Ben Uri collection

Head of Joseph Leftwich

Artist information

Name Max Sokol (1895-1973)

Born Warsaw, Poland

Died London, England

Find more work in the collection by this artist

Painter and sculptor Max Sokol was born in Germany in 1895. Forced to flee during the Nazi era, he immigrated to Britain, where he settled in North West London – ‘Finchleystrasse’ and became a member of the Free German League of Culture (Freier Deutscher Kulturbund, FDKB), founded in 1939 at the Downshire Hill home of fellow émigré Fred Uhlman, and headed by Oskar Kokoschka. Sokol exhibited a bronze ‘Reclining Nude’ in the exhibition of 20th Century German Art, held 7-31 July 1938 at New Burlington Galleries, 5 Burlington Gardens, W1. His work was also included in the 1943 ‘Artists Aid Jewry’ exhibition held at the Whitechapel Art Gallery.

Object Details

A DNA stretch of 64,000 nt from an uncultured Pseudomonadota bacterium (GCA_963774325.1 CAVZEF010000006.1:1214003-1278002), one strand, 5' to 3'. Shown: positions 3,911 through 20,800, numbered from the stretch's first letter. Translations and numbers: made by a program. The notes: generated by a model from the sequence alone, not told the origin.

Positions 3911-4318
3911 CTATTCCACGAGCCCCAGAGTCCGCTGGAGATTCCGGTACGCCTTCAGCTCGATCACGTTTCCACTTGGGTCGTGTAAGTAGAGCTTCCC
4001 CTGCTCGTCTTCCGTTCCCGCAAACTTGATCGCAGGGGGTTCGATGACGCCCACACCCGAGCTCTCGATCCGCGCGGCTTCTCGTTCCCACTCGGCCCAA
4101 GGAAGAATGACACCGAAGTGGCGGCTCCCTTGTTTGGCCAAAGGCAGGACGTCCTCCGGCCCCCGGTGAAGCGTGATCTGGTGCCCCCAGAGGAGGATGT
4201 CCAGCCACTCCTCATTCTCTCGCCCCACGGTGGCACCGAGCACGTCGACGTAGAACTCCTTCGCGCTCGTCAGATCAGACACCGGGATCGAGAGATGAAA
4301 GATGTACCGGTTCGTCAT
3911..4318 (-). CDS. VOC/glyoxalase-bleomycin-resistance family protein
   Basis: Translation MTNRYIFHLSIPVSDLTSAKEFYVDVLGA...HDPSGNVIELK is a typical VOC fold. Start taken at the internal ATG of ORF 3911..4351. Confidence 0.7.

Object type sculpture

Medium plaster

Materials and techniques plaster (medium)

Dimensions 43 x 23.5 x 24 cm

Acquisition gift

Accession number 1987-376

Display status not on display

Jewish writer, critic and Yiddish translator Joseph Leftwich (1892–1983) was one of the founding ‘Whitechapel Boys’. Born Joseph Lefkowich to Polish-Jewish parents in Holland, he was raised in Germany until the age of seven when the family emigrated to Whitechapel. Leftwich initially worked as a furrier, afterwards writing for the Yiddish daily, Di Tsayt, and becoming a founding member of the Whitechapel writers group, which included Isaac Rosenberg, John Rodker and Clare Winsten’s future husband, Simy Weinstein. Leftwich’s 1911 diary (Tower Hamlets Local History Library) is the foremost document on the history of the Whitechapel Boys, now best-known for the artists David Bomberg and Mark Gertler.

Leftwich was closely associated with the Ben Uri for many years. Sokol served on the arts committee during the 1950s and it is likely that this portrait was carried out during this period.

Selected exhibition history

1945 Exhibition of Portraits by Contemporary Jewish Artists

1951 Festival of Britain, Anglo-Jewish Exhibition 1851-1951


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© Max Sokol estate